Asylum Hill Congregational church could not contain the joyful music of Monday Night Jazz in its rainy-day setting. For opening act Matt and Atla DeChamplain, the church was the ideal acoustic venue for Atla’s soaring vocals, set off by Matt DeChamplain at the piano, Matt Dwonszyk on bass, tenor saxophonist Jovan Alexandre and drummer Curtis Torian. The DeChamplains’ specialty is interpreting The Great American Songbook, and Atla’s renditions of memorable standards including “Wonderful World,” “Pennies From Heaven” and “Don’t Get Around Much Any More” showcased her honeyed voice. On “Them There Eyes,” Atla declared she would sing the piece “as fast as I can,” and the accelerated tempo when she handed the melody off to Alexandre’s brilliant-toned sax was infectious. Torian’s loose but forceful drumming style kept the beat accelerated but controlled as Matt’s fingers flew across the keys. The intimacy of the setting also showcased Alta’s captivating style that invited the audience into the DeChamplain Quintet’s captivating takes on the jazz songbook’s best-loved tunes.
Intermission featured Samantha Feliciano, one of the Hartford Jazz Society Emerging Artist finalists vying for a performance spot on the Hartford Jazz Society’s September Jazz Cruise. Feleciano’s seamless progression from a slightly breathy and sultry delivery to vibrant, clear tones was perfectly suited to Jerome Kern’s “I’m Old Fashioned,” while “But Beautiful” revealed the arcing range of her voice. A classically trained vocalist studying in her senior year at Western Connecticut State University, Feliciano’s style reflects her jazz studies with Atla DeChamplain. Along with her appealing vocal styling, Feliciano’s effervescent stage presence transformed the church into a sacred-space jazz club atmosphere.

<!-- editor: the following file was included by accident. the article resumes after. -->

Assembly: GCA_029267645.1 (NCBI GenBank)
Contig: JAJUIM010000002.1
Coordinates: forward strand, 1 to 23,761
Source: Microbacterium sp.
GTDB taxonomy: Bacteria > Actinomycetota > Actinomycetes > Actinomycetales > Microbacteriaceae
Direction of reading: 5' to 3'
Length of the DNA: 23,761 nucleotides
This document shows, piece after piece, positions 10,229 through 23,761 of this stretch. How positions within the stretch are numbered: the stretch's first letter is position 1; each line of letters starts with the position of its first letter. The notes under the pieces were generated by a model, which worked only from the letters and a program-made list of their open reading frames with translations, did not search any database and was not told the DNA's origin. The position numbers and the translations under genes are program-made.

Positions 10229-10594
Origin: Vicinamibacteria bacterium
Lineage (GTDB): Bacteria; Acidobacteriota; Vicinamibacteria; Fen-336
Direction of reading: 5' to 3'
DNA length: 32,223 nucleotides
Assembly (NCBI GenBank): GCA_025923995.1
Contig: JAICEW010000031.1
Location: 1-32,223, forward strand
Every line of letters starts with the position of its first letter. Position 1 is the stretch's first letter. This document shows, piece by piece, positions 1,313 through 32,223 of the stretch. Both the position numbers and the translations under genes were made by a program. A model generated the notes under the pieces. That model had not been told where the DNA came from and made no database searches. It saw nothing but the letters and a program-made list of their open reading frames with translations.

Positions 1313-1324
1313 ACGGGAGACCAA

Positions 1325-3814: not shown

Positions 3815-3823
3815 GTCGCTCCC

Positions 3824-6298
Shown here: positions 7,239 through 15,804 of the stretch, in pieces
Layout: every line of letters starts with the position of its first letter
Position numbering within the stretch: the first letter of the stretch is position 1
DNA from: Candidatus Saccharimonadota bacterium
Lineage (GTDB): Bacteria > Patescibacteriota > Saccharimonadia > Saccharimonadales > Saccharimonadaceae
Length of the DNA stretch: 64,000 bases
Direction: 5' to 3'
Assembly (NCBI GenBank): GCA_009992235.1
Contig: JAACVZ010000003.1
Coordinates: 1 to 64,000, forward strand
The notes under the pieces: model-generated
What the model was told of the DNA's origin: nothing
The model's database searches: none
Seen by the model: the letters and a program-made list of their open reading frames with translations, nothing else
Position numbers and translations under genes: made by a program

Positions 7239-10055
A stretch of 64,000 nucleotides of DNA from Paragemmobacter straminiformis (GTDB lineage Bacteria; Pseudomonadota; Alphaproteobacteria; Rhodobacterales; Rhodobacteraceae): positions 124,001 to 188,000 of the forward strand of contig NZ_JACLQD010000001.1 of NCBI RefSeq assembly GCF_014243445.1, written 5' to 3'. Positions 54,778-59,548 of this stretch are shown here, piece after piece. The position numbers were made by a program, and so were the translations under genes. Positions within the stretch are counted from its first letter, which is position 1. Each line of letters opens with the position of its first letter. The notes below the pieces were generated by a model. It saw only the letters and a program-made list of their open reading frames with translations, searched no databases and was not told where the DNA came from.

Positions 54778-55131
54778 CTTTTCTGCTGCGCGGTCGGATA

Headliner Clifton Anderson and his band claimed the stage with a swinging, driving force that practically raised the rafters. Starting with Anderson’s trombone solo on the first of a series of original compositions, the sextet, including Victor Gould at the piano, Ronnie Burrage on drums, Victor See Yuen playing percussion and bassist Paul Beaudry, rollicked through two toe-tapping sets. “Princess NeNe” again started with Anderson’s effortless yet powerful trombone solo, then handed off to Roney playing a fluid, forward sax set off by See Yuen’s exacting touch on the congas and Burrage’s forcefully controlled drumming. Beaudry bowed the bass for a sound that made the instrument dance, while Gould’s sensitive touch on the piano underscored why he’s an up-and-coming master of the instrument. Anderson delved into “a political statement” with his wry commentary on the U.S. President, “How Low Can You Go,” showcasing See Yuen’s organic percussion and the band’s tightly knit improvisational talents. The final piece on the send set, Anderson’s ode to the times, “Been Down This Road Before,” was a potent musical reminder that in the midst of uncertainty, jazz holds the power to unite within the sacred and the secular.
photos by Maurice Robertson